As with any property built close to water, Seneca Buffalo Creek Casino has a bunch of unique developmental obstacles to overcome. A key challenge early on involved how to most effectively integrate the property on the site for visibility and accessibility from main Inner Harbor district traffic. This involved forecasting where future development might take place in the district so that the Seneca Buffalo Creek Casino remains an active contributor to the area’s economic development as sprawl naturally occurs in the district.

Designers took the project’s site planning very seriously, since placement of the main entry and access to key community–based amenities would greatly affect the success of the overall development.  The first phase implementation created a unique place making element, the Seneca Walk, as a signature pedestrian entryway to the property that also sets the tone for future development.

Memphis, Tenn.-based Hnedak Bobo Group (HBG) is a national leader in the design of casino resorts. For more information on the company, visit

Desert Diamond West Valley Casino Only the Second U.S. Casino to Receive Green Globes for New Construction Certification

Memphis, TN (July 14, 2016) – The Green Building Initiative has announced Desert Diamond West Valley Casino in Maricopa County, Arizona, as only the second casino in the U.S. to earn Green Globes for New Construction Certification status. Green Globes is a nationally-recognized eco-friendly and sustainable design rating assessment and certification program.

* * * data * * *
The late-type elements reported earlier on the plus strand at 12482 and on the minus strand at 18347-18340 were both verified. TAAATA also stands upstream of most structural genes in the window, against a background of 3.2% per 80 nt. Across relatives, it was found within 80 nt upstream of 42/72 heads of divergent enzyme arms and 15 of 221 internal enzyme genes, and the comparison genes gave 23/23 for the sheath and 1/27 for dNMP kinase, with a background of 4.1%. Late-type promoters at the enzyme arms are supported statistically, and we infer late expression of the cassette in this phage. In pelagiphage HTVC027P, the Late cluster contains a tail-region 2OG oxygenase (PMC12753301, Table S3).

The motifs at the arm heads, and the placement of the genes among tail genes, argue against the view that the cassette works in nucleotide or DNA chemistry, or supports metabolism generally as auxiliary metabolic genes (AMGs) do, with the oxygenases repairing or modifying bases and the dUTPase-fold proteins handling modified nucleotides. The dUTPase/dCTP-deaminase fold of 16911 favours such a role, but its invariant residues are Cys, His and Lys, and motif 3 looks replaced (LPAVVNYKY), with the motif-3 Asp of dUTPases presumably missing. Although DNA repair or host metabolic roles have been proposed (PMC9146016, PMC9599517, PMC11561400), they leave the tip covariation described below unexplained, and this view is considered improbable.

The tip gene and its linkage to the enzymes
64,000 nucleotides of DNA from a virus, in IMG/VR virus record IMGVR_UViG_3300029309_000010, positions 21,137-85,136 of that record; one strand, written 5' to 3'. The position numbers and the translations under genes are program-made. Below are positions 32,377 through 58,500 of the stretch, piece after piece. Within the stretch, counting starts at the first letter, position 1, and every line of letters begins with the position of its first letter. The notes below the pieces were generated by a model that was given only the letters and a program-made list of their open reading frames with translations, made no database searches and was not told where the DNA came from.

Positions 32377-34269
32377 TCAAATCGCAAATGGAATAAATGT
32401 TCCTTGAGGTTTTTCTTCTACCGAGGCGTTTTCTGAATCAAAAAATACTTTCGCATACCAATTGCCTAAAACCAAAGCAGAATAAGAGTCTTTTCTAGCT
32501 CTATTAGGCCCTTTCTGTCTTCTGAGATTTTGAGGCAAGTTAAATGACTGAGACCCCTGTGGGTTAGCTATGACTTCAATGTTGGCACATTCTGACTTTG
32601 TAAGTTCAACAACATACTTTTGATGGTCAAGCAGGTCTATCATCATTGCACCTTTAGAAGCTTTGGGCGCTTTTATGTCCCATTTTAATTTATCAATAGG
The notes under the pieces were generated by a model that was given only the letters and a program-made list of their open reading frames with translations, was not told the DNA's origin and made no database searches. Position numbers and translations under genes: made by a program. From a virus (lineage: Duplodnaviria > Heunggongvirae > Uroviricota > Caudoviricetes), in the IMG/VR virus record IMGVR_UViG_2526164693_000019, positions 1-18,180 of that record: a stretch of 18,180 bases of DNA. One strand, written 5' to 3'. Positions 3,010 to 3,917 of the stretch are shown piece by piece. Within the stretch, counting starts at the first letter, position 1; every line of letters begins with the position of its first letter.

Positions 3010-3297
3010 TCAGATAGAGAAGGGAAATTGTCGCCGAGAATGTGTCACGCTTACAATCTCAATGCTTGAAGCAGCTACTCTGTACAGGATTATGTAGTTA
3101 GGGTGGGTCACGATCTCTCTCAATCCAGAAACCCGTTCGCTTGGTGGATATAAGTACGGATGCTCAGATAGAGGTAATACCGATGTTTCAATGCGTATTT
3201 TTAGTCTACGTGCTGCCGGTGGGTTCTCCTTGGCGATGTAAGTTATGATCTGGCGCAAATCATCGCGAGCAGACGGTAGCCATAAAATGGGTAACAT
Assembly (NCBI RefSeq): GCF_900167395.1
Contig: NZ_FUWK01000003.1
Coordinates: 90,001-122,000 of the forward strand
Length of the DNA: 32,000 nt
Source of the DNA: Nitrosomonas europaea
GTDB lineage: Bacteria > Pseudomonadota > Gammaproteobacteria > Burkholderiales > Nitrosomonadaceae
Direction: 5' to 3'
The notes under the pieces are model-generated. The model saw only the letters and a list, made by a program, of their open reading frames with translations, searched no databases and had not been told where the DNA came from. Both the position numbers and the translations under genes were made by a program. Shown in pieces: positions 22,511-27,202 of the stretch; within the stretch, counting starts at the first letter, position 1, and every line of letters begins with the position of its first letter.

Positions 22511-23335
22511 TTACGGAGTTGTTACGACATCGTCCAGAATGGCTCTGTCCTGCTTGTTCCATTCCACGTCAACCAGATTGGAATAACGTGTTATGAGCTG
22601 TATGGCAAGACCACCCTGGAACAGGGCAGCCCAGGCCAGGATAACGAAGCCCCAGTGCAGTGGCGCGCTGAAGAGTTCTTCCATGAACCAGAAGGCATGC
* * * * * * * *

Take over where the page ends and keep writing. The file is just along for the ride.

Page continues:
The new 50,000 square foot casino property, which is phase I of a future resort complex, is owned and operated by the Tohono O’odham Nation, and was designed by national casino resort designers, HBG (Hnedak Bobo Group).

Treena Parvello, Director of Public Relations and Communications for the Tohono O’odham Gaming Enterprise, said “We are thrilled that our continuing commitment to the environment has earned Desert Diamond Casino a prestigious Green Globe. Having HBG as a partner on this project helped us to ensure that we created a space that is not only sustainable, but also fully functional in addition to complementing the area in which it was built. We couldn’t be more pleased.”

“Working with the Tohono O’odham Nation, Desert Diamond Casino and The Green Building Initiative in this endeavor has been very fulfilling; and our team is enthusiastic about integrating more sustainable features and efficiencies into the resort’s future phases,” says Rob Lee, AIA, principal at HBG and project manager for the project.

“This level of sustainability shows a commitment by the Tohono O’odham Gaming Enterprise to the environment,” said David Eldridge, Green Globes Assessor, “and it demonstrates the abilities of HBG and the other members of the design and construction team to implement the desired features as part of the project.”